68% of European Directors expect to increase spending on collaborative projects during the next 12 months
J.D. Edwards¸ a leading provider of agile, collaborative solutions for the Internet economy, today announced the fourth phase of research, conducted independently for J.D. Edwards, into the state of collaborative and electronic trading projects in Europe.
The research found that the majority of European directors (79%) do not perceive technology as the principal barriers to the creation of electronic relationships with customers and suppliers. The findings are based on interviews with 100 finance, purchasing, logistics and operations directors from across the UK, Spain, Germany, Italy, France and the Netherlands, all of whom were asked the following questions:
1. Describe the biggest hurdles preventing your company from having more electronic interaction with its customers and suppliers.
The survey asked if company issues, customer attitudes to e-business, technology or security issues represent the biggest hurdle to electronic relationships with customers and suppliers.
Just one in five (21%), of the total pan-European sample, listed technology issues as the most significant hurdle, suggesting that internal processes and attitudes are ready for collaborative commerce. Only 26% listed company issues and 21% cited customer attitudes to e-business as a major hurdle to the creation of electronic relationships with customers and suppliers.
50% of those surveyed in Spain stated that there are no hurdles to collaboration. The German and Swiss respondents list customer attitudes, technology and security issues as equal hurdles. Company issues are not perceived as a hurdle in Germany at all. The opposite is true in the UK, where 42% of directors surveyed cite internal company issues as a major hurdle to electronic interaction with customers and suppliers.
Surprisingly, just 14% of the 100 European managing directors or finance directors surveyed list security as a major obstacle to collaboration, the same number believe there to be no hurdles.
2. Compared to the last 12 months, do you expect your company's spending over the next twelve months on electronic and collaborative projects to; increase by more than 10%, increase slightly, be unchanged, decrease slightly, decrease by more than 10%?
The survey indicates that businesses remain focused on long term business goals, despite recent economic pressures. Two thirds of those surveyed plan to increase e-business related spending over the next twelve months. 21% of respondents expect an increase of more than 10% and 47% anticipate a slight increase in spending.
Holland, Germany and Spain have the most ambitious plans for collaborative projects over the next twelve months, with 30% of those questioned in each country expecting to increase spending in by more than 10%. By sector, manufacturing and utilities, expect to increase spending most aggressively when compared with finance/hi-tech, and retail/consumer businesses.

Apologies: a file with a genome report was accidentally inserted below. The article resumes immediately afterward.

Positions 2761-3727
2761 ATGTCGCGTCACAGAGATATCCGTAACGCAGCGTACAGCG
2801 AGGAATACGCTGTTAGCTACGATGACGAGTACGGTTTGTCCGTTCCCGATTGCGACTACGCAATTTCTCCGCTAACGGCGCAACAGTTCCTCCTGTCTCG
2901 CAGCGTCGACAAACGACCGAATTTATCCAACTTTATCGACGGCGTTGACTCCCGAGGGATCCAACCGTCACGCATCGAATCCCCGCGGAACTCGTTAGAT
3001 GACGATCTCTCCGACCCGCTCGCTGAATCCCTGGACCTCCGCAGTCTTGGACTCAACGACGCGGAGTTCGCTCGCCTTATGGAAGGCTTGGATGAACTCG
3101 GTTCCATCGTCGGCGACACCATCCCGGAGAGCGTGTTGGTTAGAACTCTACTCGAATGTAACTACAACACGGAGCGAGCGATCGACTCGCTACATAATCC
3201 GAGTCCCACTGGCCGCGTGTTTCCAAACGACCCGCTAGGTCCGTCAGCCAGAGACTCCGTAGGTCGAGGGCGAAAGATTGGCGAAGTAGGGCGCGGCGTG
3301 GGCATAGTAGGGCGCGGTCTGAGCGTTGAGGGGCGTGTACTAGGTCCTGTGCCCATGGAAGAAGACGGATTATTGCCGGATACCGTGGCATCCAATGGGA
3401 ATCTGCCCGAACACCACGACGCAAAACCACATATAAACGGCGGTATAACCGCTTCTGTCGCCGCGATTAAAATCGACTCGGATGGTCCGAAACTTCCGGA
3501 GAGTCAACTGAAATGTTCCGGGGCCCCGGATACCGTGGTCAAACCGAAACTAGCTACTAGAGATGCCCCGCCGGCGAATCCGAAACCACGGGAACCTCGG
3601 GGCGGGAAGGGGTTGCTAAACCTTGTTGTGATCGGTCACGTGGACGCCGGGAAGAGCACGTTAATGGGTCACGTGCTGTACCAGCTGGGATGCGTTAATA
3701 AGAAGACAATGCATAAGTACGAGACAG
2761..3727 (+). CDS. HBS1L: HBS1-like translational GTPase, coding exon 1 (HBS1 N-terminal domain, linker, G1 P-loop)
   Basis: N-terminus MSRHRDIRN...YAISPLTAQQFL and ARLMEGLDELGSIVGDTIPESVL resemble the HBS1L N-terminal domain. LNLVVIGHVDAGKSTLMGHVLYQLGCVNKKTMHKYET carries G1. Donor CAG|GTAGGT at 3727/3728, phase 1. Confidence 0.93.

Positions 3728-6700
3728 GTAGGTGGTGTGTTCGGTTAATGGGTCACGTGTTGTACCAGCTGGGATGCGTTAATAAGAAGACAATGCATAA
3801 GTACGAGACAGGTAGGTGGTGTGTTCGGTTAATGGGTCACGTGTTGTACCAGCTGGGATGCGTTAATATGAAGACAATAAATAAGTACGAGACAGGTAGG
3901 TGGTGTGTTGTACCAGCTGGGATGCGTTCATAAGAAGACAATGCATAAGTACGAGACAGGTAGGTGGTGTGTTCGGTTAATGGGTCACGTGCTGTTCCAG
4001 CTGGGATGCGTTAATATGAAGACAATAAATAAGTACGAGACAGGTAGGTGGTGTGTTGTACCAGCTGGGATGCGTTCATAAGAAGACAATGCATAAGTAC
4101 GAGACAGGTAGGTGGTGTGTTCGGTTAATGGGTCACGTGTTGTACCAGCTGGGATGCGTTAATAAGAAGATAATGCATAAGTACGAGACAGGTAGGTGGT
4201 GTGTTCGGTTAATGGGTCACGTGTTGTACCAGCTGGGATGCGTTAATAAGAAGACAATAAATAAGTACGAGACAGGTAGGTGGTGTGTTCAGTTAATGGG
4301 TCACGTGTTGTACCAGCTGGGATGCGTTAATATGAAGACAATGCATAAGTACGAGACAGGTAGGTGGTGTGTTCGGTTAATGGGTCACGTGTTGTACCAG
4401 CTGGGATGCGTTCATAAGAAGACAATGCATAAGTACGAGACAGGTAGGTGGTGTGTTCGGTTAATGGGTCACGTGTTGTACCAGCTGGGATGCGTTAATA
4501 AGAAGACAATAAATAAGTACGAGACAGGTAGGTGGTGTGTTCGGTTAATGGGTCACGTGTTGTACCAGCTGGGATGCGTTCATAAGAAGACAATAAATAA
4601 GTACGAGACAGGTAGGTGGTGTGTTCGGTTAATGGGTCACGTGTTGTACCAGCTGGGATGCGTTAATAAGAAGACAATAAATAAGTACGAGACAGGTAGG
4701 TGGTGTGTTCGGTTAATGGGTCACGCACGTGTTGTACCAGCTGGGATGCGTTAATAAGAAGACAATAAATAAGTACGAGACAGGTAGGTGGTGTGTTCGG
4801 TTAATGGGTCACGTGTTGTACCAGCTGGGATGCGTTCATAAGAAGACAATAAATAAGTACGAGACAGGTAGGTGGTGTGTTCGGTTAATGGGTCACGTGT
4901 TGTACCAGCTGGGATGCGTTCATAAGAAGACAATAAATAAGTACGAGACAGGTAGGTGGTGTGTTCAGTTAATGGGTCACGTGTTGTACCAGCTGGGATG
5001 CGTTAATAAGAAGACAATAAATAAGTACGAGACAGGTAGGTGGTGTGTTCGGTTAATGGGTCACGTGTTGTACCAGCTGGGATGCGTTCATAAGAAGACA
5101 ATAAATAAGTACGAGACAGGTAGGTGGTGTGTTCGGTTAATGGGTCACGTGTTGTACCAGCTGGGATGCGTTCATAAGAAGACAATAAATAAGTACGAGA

3. Over the past three years, would you say that your company's electronic interaction with partners and suppliers in your supply chain has; significantly increased, slightly increased, stayed about the same or significantly decreased?
Only one company reported a decrease in electronic interaction with partners and suppliers. 85% of respondents had experienced an increase, with the majority reporting a significant increase.
Those surveyed in the UK and France reflect the collaboration trend most strongly, with 70 and 65% respectively reporting a significant increase in their electronic interaction with partners and suppliers, 55% of those questioned in Holland predict comparable take-up. No single company questioned in Germany has experienced a decrease in electronic interaction.
92% of companies with a turnover more than $250m per annum report an increase in their electronic interaction along the supply chain compared to 73% of companies with turnover less than $250m, reflectively the fact that a significant opportunity exists for the collaborative software providers in the mid-market.
"One of the remarkable findings of the J.D. Edwards study," says Jyoti Banerjee, an independent analyst and commentator on the trends in the business software market, "is that technology is not perceived to be a major barrier to building collaboration between Europe's enterprises. The problems are more likely to be that of mindset and culture. Now is the time for Europe's businesses to attack the cultural and business problems that prevent them from taking advantage of the tremendous opportunities afforded by electronic collaboration."
About J.D. Edwards
J.D. Edwards is a leading provider of agile, collaborative solutions for the Internet economy. The Company's open solutions give organisations the freedom to choose how they assemble their internal applications and how they collaborate with partners and customers across the supply chain to increase competitive advantage.
Founded in 1977, J.D. Edwards is headquartered in Denver. Additional information can be obtained by contacting the Company via the Internet at http://www.jdedwards.com or at 0118 9091808.
J.D. Edwards is a registered trademark of J.D. Edwards & Company. The names of all other products and services of J.D. Edwards used herein are trademarks or registered trademarks of J.D. Edwards World Source Company.
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